Arlington, Falls Church, Fairfax and Virginia Beach are preparing to stimulate public spending with new red-light camera programs. This is part of a push to fill government budget shortfalls by ramping up tickets for moving violations. Virginia is driving the wrong way down this street.
After banning the commonwealth’s ticket-camera programs in 2005, the General Assembly is again opening the door to this lucrative revenue stream. Proponents claim that traffic cameras enhance public safety, but two Georgia state Republican lawmakers are calling the safety bluff. Last year, Rep. Barry Loudermilk, District 14 state House Republican, and Sen. Jack Murphy, District 27 state Senate Republican, introduced a bill to add a few restrictions on the use of traffic cameras. One provision requires the addition of one extra second to the duration of the yellow warning period at any intersection where red-light cameras are used. The law took effect three months ago, and the results underscore the revenue-orientation of photo-enforcement programs.
“The addition of one second has made a significant reduction in red-light violations,” Norcross, Ga., Police Chief Dallas Stidd wrote in a Feb. 5 memorandum. “We along with other jurisdictions have seen a significant decrease in citations. This will cause a shortfall in our budget for this program.” After revenue projections were diminished, the safety argument was abandoned by the Norcross City Council, which voted March 2 to terminate its red-light camera program. The Georgia towns of Duluth, Lilburn, Rome, Snellville and Suwanee all cancelled their photo-enforcement programs when violations dropped as much as 80 percent due to the extra second for yellow lights.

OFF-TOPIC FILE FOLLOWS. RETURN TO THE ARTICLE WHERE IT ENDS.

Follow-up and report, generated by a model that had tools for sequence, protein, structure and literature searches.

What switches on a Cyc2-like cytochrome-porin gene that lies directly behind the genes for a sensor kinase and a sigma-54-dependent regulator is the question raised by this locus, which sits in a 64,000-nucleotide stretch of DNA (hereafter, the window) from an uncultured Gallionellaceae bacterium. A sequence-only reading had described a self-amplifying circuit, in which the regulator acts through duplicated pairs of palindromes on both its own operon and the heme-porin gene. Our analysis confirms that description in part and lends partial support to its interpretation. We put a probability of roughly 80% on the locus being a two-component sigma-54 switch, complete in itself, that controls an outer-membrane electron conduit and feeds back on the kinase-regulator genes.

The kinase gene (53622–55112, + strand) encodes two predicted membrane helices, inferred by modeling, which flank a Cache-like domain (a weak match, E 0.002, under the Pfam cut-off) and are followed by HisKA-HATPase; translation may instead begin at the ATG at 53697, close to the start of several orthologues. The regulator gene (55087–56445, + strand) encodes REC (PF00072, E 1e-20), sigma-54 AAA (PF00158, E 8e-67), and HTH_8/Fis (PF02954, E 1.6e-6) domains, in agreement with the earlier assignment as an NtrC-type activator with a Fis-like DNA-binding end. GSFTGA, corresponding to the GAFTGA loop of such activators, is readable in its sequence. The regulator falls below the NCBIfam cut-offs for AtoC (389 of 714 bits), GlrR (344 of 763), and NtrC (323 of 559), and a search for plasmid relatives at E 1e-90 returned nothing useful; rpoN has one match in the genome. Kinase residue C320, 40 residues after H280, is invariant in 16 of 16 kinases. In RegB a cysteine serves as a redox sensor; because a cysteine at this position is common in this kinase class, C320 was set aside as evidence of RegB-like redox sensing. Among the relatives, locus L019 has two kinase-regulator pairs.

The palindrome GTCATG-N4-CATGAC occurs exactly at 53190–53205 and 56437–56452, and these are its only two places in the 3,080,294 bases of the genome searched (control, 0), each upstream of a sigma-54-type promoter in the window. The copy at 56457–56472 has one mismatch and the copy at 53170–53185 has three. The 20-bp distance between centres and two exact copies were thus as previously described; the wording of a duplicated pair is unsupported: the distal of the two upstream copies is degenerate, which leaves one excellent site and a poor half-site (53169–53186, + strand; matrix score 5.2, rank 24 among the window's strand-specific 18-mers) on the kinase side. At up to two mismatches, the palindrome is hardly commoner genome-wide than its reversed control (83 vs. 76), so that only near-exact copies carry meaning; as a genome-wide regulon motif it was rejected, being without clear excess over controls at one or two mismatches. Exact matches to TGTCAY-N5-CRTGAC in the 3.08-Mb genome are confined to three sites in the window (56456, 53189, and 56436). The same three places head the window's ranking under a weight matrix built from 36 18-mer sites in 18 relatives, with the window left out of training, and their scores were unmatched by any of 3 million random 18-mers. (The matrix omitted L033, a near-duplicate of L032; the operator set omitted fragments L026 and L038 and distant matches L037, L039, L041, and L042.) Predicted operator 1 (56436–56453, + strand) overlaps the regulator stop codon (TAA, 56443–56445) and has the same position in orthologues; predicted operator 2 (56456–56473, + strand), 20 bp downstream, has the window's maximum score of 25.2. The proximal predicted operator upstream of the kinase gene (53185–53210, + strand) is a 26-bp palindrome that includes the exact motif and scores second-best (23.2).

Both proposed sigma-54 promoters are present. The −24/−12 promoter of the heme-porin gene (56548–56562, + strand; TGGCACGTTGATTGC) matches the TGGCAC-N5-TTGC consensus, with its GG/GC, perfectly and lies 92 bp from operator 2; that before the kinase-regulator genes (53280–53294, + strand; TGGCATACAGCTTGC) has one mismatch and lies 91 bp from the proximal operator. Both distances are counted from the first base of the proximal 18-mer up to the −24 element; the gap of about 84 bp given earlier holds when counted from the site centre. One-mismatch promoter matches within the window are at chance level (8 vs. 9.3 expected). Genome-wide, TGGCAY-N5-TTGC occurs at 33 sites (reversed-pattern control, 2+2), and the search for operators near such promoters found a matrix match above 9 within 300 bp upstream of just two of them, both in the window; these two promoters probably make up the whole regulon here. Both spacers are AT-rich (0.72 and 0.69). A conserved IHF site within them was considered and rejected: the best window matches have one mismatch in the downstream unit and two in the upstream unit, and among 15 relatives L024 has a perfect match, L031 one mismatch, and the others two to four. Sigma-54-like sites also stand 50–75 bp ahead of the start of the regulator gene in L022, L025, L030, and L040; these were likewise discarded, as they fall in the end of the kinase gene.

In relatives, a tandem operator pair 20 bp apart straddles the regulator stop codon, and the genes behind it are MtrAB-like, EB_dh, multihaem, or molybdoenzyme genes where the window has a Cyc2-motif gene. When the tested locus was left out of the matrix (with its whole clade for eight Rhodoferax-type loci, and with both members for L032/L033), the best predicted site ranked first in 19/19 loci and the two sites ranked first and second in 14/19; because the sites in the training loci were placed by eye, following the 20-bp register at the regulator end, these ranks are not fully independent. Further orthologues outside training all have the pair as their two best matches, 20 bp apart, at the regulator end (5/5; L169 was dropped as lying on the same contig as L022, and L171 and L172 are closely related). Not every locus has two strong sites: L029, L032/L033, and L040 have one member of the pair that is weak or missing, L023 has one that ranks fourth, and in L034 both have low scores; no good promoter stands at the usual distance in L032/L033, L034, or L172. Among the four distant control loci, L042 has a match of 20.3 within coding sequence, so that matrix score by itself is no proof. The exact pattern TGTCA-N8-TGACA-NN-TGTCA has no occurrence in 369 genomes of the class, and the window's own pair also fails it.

This progress exposes the dirty little secret of the red-light camera industry. As reported on thenewspaper.com, about 80 percent of citations are issued to vehicles photographed making split-second, technical violations that are in most cases invisible to the unaided eye. The trigger on red-light cameras in Fremont, Calif., was so quick that the shutter clicked faster than the signal itself could change from yellow to red. According to the California State Auditor, the city was forced to cancel 459 tickets taken for violations “during which both the yellow and red lights were displayed on some photographs.”
The truth about traffic cameras is that the real motivation behind the programs is revenue, not safety. For this reason, the systems are often rigged to guarantee a large yield of tickets. In Fairfax County, at the intersection of U.S. 50 and Fair Ridge Drive, the yellow light was shortened just three days after the Fairfax County Board of Supervisors signed a contract to implement red-light cameras in October 1999. When the longer yellow time was restored in 2001, violations decreased by 90 percent.
In 2007, the Virginia Department of Transportation documented a 29 percent increase in accidents and a 19 percent increase in injuries at red-light camera intersections. This is because drivers slam on their brakes or speed up to try to avoid getting a camera ticket, thus causing more accidents. If Virginia lawmakers are really interested in safety rather than revenue, they will follow Georgia’s lead and lengthen yellow lights and ditch their traffic cameras.